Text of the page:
of removed agents makes this process much more complex than the (standard)

flooding. We prove optimal bounds on the completion time depending on the

parameters n, D, R, and rho. The obtained bounds hold with high probability. We

remark that our method of analysis provides a clear picture of the dynamic shape

of the information spreading (or infection wave) over the time.

end of abstract.

Guest: Andrea Clementi

Host: Merav Parter

]]>Guest: Maurice Herlihy

Host: Zvi Lotker and Yvonne-Anne Pignolet

Guest: Antonio Fernandez Anta

Host: Yvonne-Anne Pignolet

Guest: Chryssis Georgiou

Host: Yvonne-Anne Pignolet

Guest: Srikanta Tirthapura

Host: Yvonne-Anne Pignolet

However, in the protocols with honest majority, parties must generate and hold local secret values which are assumed to be perfectly hidden from malicious parties: an assumption which is crucial to proving the resulting common coin is unbiased. This assumption unfortunately does not seem to hold in practice, as attackers can launch side-channel attacks on the local state of honest parties and leak information on their secrets.

In this work, we present an O(1)-round protocol for collectively generating an unbiased common coin, in the presence of leakage on the local state of the honest parties. We tolerate t ≤ ( 1/3 − ϵ)n computationally-unbounded Byzantine faults and in addition a Ω(1)-fraction leakage on each (honest) party’s secret state. Our results hold in the memory leakage model (of Akavia, Goldwasser, Vaikuntanathan ’08) adapted to the distributed setting.

Additional contributions of our work are the tools we introduce to achieve the collective coin toss: a procedure for disjoint committee election, and leakage-resilient verifiable secret sharing.

Guest: Elette Boyle

Host: Yvonne-Anne Pignolet

Guest: Thomas Moscibroda

Host: Yvonne-Anne Pignolet

Guest: Calvin Newport

Host: Yvonne-Anne Pignolet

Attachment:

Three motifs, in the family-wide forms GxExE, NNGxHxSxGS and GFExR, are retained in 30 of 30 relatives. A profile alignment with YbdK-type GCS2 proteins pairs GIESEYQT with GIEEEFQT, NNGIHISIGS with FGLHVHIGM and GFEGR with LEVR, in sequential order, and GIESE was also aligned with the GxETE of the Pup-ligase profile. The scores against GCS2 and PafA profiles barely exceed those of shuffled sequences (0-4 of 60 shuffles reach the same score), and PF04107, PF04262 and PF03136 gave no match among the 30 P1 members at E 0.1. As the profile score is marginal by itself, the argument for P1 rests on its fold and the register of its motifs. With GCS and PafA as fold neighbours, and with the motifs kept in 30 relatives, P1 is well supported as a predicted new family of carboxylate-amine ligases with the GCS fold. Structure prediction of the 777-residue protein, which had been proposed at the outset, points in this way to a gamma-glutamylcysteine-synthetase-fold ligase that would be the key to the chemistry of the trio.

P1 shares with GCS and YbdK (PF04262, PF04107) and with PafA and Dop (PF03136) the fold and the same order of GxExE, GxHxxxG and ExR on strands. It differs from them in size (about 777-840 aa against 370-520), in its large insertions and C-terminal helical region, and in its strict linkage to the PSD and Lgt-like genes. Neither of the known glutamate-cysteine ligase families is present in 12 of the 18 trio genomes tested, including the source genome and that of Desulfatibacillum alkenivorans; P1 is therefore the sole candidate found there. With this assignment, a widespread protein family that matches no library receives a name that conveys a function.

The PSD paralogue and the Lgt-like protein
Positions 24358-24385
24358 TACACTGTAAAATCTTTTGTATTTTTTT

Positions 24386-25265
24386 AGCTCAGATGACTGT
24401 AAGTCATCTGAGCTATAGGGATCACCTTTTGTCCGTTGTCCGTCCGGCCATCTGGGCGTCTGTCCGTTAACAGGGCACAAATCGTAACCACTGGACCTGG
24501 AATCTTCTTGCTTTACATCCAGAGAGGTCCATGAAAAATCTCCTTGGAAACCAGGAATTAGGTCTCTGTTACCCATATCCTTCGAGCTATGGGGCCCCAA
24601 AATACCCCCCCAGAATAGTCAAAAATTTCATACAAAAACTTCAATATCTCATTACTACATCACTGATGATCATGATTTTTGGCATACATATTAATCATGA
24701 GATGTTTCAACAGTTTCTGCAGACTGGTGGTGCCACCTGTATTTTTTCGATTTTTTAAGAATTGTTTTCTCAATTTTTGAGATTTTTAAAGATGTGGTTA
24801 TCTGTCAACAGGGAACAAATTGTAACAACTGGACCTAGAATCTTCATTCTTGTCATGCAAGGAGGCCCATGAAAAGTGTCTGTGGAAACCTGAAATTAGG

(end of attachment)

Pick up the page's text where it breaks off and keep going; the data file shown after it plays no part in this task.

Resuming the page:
monotone-consistent counter with logarithmic step complexity (at the cost of adding a max register) or a linearizable fetch-and-increment register (at the cost of increasing the step complexity by a logarithmic factor).

Guest: Dan Alistarh

Host: Yvonne-Anne Pignolet

Host: Yvonne-Anne Pignolet ]]>

Guest: Valerie King

Host: Yvonne-Anne Pignolet

We consider the problem of computing a maximal independent set (MIS, a maximal set of nodes in a network such that no two of them are neighbors) in an extremely harsh broadcast model that relies only on carrier sensing. The model consists of an anonymous broadcast network in which nodes have no knowledge about the topology of the network or even an upper bound on its size. Furthermore, it is assumed that nodes wake up asynchronously. At each time slot a node can either beep (i.e., emit a signal) or be silent. At a particular time slot, beeping nodes receive no feedback, while silent nodes can only differentiate between none of its neighbors beeping, or at least one neighbor beeping.

We start by proving a lower bound that shows that in this model, it is not possible to locally converge to an MIS in sub-polynomial time. We then study four different relaxations of the model which allow us to circumvent the lower bound and compute an MIS in polylogarithmic time.

Guest: Ziv Bar-Joseph

Host: Chen Avin

So far, the distributed computing community has either assumed that the processes of a distributed system all have distinct identifiers or, more rarely, that the processes are anonymous and have no identifiers. In a sense, these are two extremes of the same general model: namely, n processes can use l authenticated identifiers, where 1 ≤ l ≤ n. This paper studies Byzantine agreement in this general model assuming several processes can share the same identifier.

We study Byzantine agreement in a message-passing system with homonyms. We assume up to t < n of the processes can be Byzantine. We prove the following results: (i) synchronous agreement is possible if and only if l > 3t; (ii) partially synchronous agreement is possible if and only if 3t < l ≤ n < 2l−3t; (iii) asynchronous eventual agreement is possible if and only if l > 3t.

Guset: Rachid Guerraoui

Host: Zvi Lotker